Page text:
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History of Ashville, Alabama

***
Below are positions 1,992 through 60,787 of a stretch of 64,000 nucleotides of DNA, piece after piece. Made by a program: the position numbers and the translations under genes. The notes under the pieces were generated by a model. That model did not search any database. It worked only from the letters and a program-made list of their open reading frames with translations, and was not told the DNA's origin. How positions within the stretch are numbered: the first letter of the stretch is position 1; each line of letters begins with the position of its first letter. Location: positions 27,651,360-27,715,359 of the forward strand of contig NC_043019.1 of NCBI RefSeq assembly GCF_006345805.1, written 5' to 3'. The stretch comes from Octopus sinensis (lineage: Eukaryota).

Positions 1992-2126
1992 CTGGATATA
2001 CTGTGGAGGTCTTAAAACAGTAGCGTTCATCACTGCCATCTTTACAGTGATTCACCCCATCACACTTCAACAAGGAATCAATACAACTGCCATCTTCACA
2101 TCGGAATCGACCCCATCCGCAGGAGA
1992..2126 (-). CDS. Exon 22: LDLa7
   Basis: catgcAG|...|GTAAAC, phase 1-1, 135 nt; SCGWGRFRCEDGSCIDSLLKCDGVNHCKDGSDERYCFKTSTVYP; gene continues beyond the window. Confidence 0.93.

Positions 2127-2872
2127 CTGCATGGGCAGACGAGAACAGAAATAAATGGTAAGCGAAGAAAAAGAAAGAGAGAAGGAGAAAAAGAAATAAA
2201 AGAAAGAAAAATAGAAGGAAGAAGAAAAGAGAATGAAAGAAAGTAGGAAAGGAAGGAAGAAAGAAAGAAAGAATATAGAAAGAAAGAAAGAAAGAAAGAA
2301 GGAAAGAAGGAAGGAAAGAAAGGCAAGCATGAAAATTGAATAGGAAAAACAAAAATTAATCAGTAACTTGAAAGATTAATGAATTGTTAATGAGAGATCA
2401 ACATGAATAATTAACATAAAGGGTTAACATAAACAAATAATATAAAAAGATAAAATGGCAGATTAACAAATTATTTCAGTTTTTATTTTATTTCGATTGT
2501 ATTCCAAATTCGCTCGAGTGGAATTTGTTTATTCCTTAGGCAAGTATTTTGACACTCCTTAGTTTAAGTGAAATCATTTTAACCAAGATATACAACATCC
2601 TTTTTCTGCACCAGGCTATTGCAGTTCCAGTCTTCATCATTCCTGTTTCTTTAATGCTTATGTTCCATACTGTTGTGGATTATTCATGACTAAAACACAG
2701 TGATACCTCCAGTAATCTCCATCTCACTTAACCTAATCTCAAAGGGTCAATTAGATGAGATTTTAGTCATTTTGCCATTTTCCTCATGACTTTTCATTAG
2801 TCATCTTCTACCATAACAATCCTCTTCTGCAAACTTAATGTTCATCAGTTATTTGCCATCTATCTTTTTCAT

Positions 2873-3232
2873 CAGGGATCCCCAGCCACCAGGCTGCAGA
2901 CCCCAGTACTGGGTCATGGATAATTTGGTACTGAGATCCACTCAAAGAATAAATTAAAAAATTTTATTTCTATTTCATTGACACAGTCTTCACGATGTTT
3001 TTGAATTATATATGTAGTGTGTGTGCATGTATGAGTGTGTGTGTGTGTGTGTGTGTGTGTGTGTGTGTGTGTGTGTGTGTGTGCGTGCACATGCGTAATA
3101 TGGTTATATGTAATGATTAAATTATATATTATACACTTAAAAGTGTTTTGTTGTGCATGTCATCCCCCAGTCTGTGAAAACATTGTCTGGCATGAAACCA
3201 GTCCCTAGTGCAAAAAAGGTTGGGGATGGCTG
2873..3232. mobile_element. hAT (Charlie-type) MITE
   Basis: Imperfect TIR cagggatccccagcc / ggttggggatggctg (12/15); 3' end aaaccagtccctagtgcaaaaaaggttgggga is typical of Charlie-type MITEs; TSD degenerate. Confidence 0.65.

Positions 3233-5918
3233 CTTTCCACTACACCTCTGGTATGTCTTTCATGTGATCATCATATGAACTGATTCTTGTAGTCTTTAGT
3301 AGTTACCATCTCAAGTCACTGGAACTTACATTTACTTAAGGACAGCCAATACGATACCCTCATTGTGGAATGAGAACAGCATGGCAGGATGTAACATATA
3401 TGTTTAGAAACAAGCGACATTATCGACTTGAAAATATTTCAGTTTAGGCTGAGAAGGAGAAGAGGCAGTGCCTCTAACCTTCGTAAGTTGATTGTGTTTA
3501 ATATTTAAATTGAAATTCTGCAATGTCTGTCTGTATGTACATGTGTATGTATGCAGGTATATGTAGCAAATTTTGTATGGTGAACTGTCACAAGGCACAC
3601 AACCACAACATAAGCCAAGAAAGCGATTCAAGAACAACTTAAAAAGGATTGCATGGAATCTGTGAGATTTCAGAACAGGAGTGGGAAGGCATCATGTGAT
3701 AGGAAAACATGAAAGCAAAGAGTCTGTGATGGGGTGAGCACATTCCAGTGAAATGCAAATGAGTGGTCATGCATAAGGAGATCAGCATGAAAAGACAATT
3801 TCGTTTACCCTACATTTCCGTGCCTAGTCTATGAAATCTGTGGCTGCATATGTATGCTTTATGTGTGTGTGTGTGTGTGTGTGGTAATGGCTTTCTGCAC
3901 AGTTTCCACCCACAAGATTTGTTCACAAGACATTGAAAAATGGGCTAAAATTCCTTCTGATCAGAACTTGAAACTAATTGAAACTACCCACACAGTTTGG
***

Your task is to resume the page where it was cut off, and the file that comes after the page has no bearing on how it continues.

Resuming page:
Ashville is one of two county seats of St. Clair County. It was originally named St. Clairsville, after a hero of the American Revolution, General Arthur St. Clair. The first settlers were from Tennessee and Georgia, veterans of Creek Indian War of 1813 and 1814. The town was named for John Ash, a senator in the state's first General Assembly. In 1817, he was the first white settler to arrive. The log home that John Ash and Thomas Newton (his father-in-law) built in the center of the city, still stands as the oldest house in the county. Ashville was incorporated in 1822 and served as the county's only courthouse until 1907. The first courthouse, which was made with logs, was built in 1824. The present courthouse was constructed in 1844. Ashville Academy, established in 1831, served as a meeting house for different church denominations. The Methodists constructed a building to serve as both church and Masonic Lodge in the 1850s. By 1892, ownership had been transferred to the Masons. The building, that was moved twice, has been restored and currently houses the Mattie Lou Teague Crow Museum. It stands behind the John W. Inzer Museum, commemorating a Confederate officer from Ashville.